We find stakeholders we might have missed by taking our answers to the eight questions and open up an organizational chart, and then asking, "Who needs to know about this?" We don't just ask ourselves. We ask everyone on the project, "Who needs to know about this?" And then we go talk to them. It is better to look silly and have ten people say, "I couldn't care less about your project!" than it is to miss one crucial stakeholder. To learn more about finding internal stakeholders, please read Customer and Stakeholder Identification for Project Success. If you are developing a product or service for sale, you can learn about customer identification in marketing by reading Marketing for the Solopreneur One-Person Business.

Introducing Requirements Elicitation

Requirements elicitation is a whole field of study in itself, worth a large book. The key concept is this: It is naïve to think that a customer can tell you what he or she wants. People are not trained in how to imagine future products or services, and then define them clearly.

The solution is that we have to train ourselves to ask the right questions so that we can get the right answers from them. We need to deliver pictures, prototypes, and more. We need to engage the customer or stakeholder in what the product or service will be like for them. And then we need to get their answers to the eight questions we introduced above.

To learn more, please read Requirements Elicitation for Project Success.

Defining Scope Precisely: Inclusions and Exclusions

If we only define what we are doing on the project, then we will not define it with enough clarity and precision, and our project will run into trouble down the road. We also need to define what we are not doing.

There are two reasons for this. One is about customer expectations, and is fully explained in this article about managing customer expectations and scope creep.

The second reason is more technical. It is about the engineering process of creating a good definition: Anything is defined more clearly when we way what it is, and also what it is not.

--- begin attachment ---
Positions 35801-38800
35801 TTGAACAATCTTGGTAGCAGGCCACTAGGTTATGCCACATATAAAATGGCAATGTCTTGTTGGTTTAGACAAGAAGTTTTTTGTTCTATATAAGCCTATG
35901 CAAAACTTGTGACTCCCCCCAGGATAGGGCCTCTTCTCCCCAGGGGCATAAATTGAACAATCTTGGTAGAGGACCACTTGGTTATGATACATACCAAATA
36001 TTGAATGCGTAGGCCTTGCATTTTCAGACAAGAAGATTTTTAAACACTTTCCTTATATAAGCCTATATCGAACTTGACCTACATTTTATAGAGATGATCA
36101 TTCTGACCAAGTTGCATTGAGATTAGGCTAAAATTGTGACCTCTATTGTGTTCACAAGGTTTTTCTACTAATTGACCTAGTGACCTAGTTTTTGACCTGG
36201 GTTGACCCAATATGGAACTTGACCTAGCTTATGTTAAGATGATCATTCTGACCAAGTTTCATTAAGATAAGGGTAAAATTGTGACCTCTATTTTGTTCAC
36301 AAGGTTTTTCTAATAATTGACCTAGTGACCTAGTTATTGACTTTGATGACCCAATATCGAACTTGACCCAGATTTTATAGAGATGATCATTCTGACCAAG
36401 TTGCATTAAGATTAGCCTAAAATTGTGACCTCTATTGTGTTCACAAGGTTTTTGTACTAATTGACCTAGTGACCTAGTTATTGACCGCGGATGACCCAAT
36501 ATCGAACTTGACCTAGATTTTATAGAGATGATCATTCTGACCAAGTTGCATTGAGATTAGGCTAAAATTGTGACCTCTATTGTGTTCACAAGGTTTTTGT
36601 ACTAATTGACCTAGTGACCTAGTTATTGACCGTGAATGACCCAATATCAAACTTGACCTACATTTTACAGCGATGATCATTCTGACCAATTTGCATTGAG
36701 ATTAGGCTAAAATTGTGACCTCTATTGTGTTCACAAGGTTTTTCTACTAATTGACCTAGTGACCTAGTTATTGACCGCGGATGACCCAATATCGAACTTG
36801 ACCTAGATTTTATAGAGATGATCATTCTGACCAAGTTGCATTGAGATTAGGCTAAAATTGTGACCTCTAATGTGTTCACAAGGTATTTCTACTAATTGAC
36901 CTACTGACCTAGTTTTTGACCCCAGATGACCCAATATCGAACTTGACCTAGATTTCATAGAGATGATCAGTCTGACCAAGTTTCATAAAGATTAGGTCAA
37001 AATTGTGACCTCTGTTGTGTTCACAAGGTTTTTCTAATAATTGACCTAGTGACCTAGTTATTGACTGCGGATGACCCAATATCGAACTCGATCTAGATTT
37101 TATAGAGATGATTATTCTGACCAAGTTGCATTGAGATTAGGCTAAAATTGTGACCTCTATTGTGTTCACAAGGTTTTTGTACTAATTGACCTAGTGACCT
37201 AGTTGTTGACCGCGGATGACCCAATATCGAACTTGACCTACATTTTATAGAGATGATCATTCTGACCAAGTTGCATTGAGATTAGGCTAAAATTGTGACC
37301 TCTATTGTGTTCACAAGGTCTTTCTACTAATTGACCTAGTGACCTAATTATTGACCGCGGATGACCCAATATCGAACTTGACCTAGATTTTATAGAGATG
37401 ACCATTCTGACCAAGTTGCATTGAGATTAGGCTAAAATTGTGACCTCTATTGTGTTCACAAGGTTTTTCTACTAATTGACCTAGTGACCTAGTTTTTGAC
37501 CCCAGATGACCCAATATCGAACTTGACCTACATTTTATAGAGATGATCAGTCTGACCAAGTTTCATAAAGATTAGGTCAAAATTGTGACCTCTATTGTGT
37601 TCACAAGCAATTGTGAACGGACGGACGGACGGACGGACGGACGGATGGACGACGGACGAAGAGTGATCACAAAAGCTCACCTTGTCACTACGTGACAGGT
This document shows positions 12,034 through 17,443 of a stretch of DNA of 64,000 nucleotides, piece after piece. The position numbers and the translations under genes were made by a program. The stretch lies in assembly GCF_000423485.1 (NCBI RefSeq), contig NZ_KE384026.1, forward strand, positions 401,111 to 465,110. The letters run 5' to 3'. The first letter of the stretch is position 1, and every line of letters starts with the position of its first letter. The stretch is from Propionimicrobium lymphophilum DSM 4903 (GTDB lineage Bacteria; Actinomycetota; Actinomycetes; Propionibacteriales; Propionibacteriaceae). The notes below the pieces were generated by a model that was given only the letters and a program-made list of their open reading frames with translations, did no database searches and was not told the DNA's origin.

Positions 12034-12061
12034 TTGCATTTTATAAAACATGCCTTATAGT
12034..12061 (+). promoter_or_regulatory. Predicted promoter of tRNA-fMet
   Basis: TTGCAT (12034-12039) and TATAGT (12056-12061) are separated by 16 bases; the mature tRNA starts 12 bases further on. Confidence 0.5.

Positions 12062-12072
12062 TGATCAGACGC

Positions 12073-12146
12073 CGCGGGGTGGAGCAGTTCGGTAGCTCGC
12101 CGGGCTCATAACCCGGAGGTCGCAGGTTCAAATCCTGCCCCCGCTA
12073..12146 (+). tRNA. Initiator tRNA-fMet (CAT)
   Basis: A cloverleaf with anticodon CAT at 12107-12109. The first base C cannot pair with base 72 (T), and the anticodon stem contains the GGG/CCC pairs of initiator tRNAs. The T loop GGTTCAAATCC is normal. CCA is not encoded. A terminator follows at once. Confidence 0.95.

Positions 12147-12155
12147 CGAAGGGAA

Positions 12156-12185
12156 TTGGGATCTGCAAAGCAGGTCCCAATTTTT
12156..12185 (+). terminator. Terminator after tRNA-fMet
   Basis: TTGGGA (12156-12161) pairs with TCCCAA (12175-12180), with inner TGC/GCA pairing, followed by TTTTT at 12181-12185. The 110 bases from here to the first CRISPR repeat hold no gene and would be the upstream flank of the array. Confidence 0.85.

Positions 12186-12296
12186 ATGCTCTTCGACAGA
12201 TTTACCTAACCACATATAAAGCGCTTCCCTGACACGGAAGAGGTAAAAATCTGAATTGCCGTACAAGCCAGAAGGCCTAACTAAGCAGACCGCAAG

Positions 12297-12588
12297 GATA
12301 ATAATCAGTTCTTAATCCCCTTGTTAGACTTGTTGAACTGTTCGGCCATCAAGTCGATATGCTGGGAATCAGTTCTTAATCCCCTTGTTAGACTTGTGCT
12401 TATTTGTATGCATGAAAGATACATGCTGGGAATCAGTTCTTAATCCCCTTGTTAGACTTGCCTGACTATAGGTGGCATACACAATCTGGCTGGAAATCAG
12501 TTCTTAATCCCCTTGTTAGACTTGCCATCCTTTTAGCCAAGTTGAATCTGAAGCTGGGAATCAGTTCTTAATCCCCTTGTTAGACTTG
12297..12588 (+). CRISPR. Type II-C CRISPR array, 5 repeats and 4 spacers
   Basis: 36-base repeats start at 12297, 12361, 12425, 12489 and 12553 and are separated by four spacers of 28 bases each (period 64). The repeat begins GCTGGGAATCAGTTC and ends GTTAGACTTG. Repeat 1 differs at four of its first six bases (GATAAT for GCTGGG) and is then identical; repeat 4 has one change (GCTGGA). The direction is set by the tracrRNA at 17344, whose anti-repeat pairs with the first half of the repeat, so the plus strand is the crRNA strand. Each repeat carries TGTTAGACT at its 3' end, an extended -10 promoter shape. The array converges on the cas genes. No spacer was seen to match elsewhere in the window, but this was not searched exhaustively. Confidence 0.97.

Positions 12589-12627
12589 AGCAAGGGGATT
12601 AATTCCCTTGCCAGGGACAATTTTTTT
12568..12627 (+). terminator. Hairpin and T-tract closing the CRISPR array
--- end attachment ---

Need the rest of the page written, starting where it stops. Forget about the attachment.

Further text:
When we clearly define what something is and also is not, we take one step towards objective, measurable requirements. When we have objective, measurable requirements, then all the bickering ends. All the vague puttering around ends. The project team focuses on a defined goal that we know will delight the customer. And if we make a mistake, everyone agrees on it, and we fix it with no hassle and no blame. Clear definition of desired results creates the optimal project team environment, leading to excellent results, great features, and quality delivered on time and below cost. To learn how to do this, please read Measurable Goals: Requirements Definition for Project Success.

As we define goals clearly, we make sure we have agreement from our customers and stakeholders. That way, we keep everyone on the same page and manage customer expectations as we drive towards success.

Progressive Elaboration

Reading through this, some people may think that scope has to be fully defined before work can get started on a project. And, yes, that was the way it was done back in the 1960s, with a project management life cycle system nicknamed "the waterfall." But we've come a long way since then, increasing flexibility through developing our scope definition in a series of stages. The Project Management Institute (PMI) calls this Progressive Elaboration.

Progressive elaboration is just a fancy term for starting with a clear definition of the big picture, and then working our way down into the details. The key to it is understanding that we can be precise and yet still operate at a high level, without a lot of detail. For example, a very precise scope statement of an airplane might say, "We will build an airplane with one fuselage, two wings, a tail, and flight controls." Each of those components can be described more accurately, either by function or by technical specification. Ultimately, a Boeing commercial jet will be described in over 1 million individual parts. As long as each definition is clear and precise at its own level, we can elaborate the details progressively as we go along.

To learn how to do this, please read Progressive Elaboration for Project Success.

How Well Do You Know Best Practices in Scope Definition?

Ready for Success

If we include everyone and do all of the above, we can create a clearly defined scope statement for our project. That's the beginning of project success.

We also need to manage the scope after it is defined. A clearly defined scope is like goalposts set in the end zone. But will the customer move them? That's called Scope Creep. And will the customer be happy when you score a touchdown? Not always, but, if they are, that's called Customer Satisfaction. How do we get there? These issues are addressed in another article about managing scope creep.

In addition, planning all the other areas of a project can be done once scope is defined. For example, once we know our starting point and we are making, we can estimate time and cost. We can also plan all nine areas of project the project plan. Scope is the most difficult element of a project to define. Once it is clear, the rest of the plan falls into place through a series of largely mechanical steps, such as PERT estimation.